If at block 101,or if it block 105, it is detected that PCI main power is present, then the algorithm loops to the enable full power and enable all clocks on the system (block 106). In this state, the event monitoring logic 30 is controlled by software according to the PCI specifications. If software enables the event monitoring logic by setting the PME_En bit, the event monitoring logic 30 is fully operational. If an event is detected in the logic 30, then the PCI bus controller 24 asserts the PME# line 35 to cause a power management event in the host system.
If at block 103, it is determined that the specified bit is set in the the EEPROM 16, then the logic transitions to block 106, and in block 106 different control bits in the EEPROM 16 can cause the state machine to take the additional step of setting the PME_En parameter in the PMI status register 38 in the PMI bus controller 24.
After block 106, the system continues to monitor for PCI main power (block 107). If power is present, then the logic loops back to block 106 and continues. If power is not present, then the logic monitors the PME_En bit in the status register 38 (block 108). If the PME_En bit is set, then the algorithm loops to block 106 and continues. If the PME_En bit is not set at this point in the algorithm, then the logic switches to block 104 to enter the low-power state.
Accordingly, the functionality of the present invention is based on determining the type of initial power of the ethernet controller ASIC is experiencing. The apparatus distinguishes between two different kinds of initial power of sequences, including a normal power up sequence, and an auxiliary voltage only or abnormal power up sequence. The normal power up sequence is defined by the presence of power on the main power rails of the PCI bus. If the initial power up sequence can only source power from the auxiliary VAUX line 34, then it is considered to be an abnormal power up sequence. This abnormal power up sequence indicates that the preceding system shutdown was done improperly.
With reference to FIG. 2, it is shown that the power off state is left in response to a power on reset circuit, The power on reset circuit produces a clean pulse at the initial power on of the ethernet controller ASIC, either by the auxiliary voltage alone, or by the PCI main power bus. The next decision is made by monitoring power on the main PCI power rails. If there is power present on the main PCI power rails, then the ASIC can be fully powered and all clocks within the ASIC can be enabled. However, if there is no power on the PCI main power rails during initialization, it becomes necessary to limit power usage to 20 milliamps until it can be determined if the ethernet controller can source power in an abnormal power up. This determination is made using a single bit in nonvolatile memory coupled with the ASIC. The nonvolatile memory could be external or internal to the ASIC. Also, the nonvolatile memory technology may be based on the EEPROM, flash memory or some other nonvolatile memory technology. If the specific bit is set, it indicates to the ethernet controller that it is allowed to source 375 milliamps of power, even though the power up was abnormal. If the bit is not set, the ethernet controller must limit its power consumption to less than 20 milliamps. The low-level of power consumption is achieved by powering down all the circuitry within the ASIC, and turning off all clocks.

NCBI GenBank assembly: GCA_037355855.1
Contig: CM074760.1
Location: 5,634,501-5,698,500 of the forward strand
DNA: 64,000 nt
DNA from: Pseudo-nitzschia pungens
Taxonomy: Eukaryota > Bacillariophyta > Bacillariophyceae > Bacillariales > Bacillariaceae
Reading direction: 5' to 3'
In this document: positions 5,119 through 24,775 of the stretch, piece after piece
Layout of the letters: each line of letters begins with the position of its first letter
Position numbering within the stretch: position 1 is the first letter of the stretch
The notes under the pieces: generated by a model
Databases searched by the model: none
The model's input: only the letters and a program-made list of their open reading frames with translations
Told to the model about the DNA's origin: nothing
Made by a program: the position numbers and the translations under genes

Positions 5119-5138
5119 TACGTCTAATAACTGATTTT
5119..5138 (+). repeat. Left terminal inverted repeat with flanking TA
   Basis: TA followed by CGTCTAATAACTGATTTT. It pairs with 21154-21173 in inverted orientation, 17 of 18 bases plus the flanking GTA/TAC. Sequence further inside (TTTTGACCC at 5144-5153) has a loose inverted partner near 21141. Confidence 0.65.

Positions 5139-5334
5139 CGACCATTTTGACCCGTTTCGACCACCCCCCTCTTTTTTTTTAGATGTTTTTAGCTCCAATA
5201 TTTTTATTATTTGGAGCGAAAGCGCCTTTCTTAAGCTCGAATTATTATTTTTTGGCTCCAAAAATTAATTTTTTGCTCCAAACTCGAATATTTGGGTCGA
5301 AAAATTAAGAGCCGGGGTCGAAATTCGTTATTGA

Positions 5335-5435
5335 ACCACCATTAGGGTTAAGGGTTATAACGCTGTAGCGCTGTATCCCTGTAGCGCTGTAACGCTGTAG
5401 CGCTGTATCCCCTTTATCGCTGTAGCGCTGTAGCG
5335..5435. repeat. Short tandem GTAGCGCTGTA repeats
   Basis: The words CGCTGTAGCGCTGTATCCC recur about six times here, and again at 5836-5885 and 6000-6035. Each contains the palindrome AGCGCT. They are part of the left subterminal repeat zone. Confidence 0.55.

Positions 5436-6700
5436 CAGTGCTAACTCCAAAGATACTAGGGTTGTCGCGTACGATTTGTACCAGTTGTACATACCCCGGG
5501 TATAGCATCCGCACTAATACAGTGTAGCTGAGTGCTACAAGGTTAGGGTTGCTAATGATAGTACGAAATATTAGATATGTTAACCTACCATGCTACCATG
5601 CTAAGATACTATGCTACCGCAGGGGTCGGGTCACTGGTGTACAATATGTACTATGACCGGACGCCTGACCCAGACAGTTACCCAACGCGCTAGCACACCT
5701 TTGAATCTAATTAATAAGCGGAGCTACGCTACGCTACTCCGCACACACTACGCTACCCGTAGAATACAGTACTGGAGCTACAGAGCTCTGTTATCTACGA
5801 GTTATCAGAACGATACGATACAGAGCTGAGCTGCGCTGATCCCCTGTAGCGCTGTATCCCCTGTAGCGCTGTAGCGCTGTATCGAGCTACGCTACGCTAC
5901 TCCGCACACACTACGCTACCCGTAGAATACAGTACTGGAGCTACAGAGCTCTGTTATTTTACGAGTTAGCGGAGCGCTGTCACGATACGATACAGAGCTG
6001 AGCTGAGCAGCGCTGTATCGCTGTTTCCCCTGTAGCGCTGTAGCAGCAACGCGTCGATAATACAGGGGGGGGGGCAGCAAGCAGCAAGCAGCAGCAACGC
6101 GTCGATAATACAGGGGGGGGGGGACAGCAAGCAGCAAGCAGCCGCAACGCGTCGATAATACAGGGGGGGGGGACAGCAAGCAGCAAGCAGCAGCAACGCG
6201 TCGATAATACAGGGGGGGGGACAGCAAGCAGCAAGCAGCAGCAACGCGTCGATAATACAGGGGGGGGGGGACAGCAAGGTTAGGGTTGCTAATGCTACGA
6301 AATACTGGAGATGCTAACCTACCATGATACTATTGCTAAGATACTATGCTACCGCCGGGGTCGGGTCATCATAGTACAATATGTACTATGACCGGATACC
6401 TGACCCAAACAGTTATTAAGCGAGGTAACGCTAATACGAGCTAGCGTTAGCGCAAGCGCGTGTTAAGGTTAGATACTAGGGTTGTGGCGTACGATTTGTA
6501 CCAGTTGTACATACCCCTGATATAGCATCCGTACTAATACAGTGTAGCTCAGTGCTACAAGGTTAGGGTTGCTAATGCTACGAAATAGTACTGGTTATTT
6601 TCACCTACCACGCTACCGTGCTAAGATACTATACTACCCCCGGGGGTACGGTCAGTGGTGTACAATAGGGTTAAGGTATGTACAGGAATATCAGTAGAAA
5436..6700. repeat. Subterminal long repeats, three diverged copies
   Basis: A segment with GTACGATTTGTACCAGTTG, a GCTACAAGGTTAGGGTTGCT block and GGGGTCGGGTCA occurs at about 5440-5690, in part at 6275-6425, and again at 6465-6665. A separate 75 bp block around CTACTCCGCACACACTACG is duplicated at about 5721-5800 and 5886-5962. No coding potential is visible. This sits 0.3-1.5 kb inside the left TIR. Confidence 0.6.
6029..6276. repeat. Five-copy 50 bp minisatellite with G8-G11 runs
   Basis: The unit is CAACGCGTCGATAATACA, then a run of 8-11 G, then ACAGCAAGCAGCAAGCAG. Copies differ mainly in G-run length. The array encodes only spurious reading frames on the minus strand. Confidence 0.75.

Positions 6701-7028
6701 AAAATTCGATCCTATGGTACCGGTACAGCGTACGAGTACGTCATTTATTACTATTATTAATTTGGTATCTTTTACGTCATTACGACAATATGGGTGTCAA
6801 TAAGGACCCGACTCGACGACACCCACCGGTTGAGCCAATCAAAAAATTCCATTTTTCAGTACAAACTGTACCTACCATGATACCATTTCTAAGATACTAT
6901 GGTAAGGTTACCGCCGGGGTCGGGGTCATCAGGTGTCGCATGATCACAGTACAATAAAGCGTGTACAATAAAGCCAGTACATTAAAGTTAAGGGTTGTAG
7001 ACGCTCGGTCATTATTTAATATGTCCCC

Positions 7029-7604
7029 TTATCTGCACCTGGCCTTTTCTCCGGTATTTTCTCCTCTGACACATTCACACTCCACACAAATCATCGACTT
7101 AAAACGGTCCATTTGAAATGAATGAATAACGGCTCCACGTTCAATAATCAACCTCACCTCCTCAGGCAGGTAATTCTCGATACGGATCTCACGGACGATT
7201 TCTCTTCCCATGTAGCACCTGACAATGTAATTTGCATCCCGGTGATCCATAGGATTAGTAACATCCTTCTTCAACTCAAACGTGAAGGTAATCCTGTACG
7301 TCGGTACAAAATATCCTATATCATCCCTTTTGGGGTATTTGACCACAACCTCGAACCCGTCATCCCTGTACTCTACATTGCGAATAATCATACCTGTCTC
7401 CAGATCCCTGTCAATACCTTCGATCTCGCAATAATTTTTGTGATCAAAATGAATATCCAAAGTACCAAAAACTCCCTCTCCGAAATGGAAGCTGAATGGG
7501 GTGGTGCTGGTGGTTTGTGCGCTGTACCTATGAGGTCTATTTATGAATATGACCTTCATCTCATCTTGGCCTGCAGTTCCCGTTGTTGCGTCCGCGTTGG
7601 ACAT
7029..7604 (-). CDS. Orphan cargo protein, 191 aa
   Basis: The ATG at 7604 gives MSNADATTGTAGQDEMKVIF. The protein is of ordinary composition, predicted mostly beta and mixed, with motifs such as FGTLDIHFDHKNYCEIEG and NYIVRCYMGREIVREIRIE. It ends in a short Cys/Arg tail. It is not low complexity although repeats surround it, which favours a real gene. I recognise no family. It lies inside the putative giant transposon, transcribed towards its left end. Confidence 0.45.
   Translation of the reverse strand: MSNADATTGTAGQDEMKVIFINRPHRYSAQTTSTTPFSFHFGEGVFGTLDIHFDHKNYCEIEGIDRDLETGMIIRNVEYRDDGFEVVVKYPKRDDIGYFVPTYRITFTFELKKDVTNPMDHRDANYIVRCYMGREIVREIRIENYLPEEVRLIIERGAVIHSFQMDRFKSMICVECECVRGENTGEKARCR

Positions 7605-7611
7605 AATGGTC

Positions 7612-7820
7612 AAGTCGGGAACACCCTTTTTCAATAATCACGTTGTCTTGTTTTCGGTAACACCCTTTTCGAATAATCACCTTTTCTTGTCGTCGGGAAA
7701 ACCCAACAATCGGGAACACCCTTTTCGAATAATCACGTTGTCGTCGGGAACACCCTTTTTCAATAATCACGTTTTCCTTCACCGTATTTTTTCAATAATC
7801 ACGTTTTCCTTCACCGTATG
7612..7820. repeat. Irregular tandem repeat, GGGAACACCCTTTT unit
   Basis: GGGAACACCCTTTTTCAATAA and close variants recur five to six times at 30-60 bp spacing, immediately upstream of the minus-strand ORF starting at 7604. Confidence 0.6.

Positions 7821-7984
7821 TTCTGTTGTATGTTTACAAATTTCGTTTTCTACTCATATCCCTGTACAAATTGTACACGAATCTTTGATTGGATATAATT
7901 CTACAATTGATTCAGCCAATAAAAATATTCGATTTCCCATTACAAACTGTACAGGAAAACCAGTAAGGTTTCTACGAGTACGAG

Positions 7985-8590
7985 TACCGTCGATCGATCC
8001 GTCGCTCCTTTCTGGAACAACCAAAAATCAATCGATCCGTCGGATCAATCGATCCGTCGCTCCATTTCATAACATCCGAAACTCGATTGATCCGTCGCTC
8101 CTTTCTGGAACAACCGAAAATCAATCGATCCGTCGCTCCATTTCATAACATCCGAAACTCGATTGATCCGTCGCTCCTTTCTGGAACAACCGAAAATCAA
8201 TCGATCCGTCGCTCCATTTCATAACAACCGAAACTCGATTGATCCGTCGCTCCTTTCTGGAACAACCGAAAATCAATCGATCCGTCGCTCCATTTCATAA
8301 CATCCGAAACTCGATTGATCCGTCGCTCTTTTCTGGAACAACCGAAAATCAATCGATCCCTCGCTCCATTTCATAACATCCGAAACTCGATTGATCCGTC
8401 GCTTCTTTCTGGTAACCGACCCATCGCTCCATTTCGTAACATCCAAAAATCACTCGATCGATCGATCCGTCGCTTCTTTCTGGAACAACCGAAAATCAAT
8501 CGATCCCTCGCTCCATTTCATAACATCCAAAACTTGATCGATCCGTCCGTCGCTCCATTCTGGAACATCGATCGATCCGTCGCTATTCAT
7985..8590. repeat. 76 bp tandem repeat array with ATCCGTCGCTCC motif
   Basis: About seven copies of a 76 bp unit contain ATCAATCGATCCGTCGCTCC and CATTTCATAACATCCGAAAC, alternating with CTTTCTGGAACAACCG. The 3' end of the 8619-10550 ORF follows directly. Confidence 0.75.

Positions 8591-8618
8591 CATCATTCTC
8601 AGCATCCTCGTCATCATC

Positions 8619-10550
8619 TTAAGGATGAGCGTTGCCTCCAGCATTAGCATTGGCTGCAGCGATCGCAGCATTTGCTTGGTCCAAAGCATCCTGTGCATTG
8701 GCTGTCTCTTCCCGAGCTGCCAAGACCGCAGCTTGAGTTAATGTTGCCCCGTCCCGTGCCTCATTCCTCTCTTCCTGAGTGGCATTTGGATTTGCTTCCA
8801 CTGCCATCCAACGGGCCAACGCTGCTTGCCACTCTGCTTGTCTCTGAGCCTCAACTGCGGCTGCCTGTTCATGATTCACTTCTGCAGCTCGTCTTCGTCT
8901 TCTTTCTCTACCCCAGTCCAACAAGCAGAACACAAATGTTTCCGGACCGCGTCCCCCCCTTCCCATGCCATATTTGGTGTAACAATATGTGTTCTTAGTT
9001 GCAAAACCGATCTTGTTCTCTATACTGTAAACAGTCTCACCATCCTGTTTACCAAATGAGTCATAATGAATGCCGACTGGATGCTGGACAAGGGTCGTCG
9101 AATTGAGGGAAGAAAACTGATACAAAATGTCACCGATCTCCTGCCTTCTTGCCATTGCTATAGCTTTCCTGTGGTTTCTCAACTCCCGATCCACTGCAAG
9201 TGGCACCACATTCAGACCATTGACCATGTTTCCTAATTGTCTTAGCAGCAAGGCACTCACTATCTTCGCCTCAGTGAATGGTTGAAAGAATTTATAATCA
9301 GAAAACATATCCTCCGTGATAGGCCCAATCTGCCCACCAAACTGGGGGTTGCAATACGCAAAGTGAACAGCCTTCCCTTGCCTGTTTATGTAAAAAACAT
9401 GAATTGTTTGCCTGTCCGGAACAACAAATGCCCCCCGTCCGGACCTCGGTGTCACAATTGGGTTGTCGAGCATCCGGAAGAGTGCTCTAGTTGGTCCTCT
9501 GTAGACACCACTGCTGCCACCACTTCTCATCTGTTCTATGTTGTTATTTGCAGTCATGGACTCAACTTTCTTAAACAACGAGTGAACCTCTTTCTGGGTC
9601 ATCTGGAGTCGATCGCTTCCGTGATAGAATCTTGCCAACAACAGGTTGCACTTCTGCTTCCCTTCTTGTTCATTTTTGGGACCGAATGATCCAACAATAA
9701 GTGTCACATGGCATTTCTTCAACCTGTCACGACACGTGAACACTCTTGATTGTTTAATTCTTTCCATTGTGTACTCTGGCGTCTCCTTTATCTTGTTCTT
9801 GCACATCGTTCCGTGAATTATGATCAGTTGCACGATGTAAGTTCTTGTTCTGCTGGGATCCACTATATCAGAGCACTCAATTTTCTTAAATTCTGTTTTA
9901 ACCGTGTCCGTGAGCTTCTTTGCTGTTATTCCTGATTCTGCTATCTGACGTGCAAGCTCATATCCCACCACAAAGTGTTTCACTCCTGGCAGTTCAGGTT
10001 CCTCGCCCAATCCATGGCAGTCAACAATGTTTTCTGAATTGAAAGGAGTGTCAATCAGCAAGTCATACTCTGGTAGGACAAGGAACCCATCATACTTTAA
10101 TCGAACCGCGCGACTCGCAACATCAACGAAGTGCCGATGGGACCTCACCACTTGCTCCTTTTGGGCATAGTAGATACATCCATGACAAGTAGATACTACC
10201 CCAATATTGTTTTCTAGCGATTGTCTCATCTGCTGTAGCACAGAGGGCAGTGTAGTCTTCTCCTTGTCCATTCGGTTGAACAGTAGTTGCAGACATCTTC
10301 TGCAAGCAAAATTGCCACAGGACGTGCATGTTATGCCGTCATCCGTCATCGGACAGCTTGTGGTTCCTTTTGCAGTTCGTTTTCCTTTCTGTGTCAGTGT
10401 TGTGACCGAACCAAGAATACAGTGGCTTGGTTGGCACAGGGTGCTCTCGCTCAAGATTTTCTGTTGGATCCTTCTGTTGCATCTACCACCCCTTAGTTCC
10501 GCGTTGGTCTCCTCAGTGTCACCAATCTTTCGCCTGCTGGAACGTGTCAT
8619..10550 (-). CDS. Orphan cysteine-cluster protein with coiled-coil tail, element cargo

According to the present invention, the apparatus reads the EEPROM or other nonvolatile memory using a low-power mode, consuming less than 20 milliamps in the PCI environment. Thus, the ASIC operates while complying with the low-power requirements.
The low-power mode for reading the nonvolatile memory is achieved in a preferred embodiment by slowing down the clocks be utilized during the initial phases of the Wake-On-LAN monitor enabling logic. Other techniques can be utilized, such as providing circuitry to enable only such logic and clocks signals as necessary for the limited purpose of enabling the monitoring function. Also a combination of slowing down the clocks and selectively enabling various components could be utilized. The preferred embodiment the clock used at the interface for reading the EEPROM is slowed down to about 150 Hz. In this way, the EEPROM can be read with the total board power consumption under 20 milliamps in one tested system.
Accordingly, whenever the ASIC 14 powers up improperly, with auxiliary power only, the low-power state machine is put into operation to read the specified bit in the EEPROM. Once the bit is read, the ASIC will either completely shutdown, or it will be allowed to enable clocks and continue all its normal initialization sequences.
FIG. 3 illustrates at a basic level, power logic used for managing the power consumed in a low-power mode capable of reading the external EEPROM, and in the normal operating mode. As mentioned above, a variety of power saving techniques can be applied. It is found that controlling the interface clock for the EEPROM, as shown in this example, satisfactorily manages power consumption during the enabling of the Wake-On LAN function in the network interface card 13 of FIG. 1.
The inputs to the power logic of FIG. 3 include RAW CLK on line 200, SELECT SLOW CLK on line 201, EE INFC CLK EN on line 202, POR on line 203, and CLK EN on line 204. The outputs include the EE INFC CLK on line 205 and the ASIC CLK on line 206.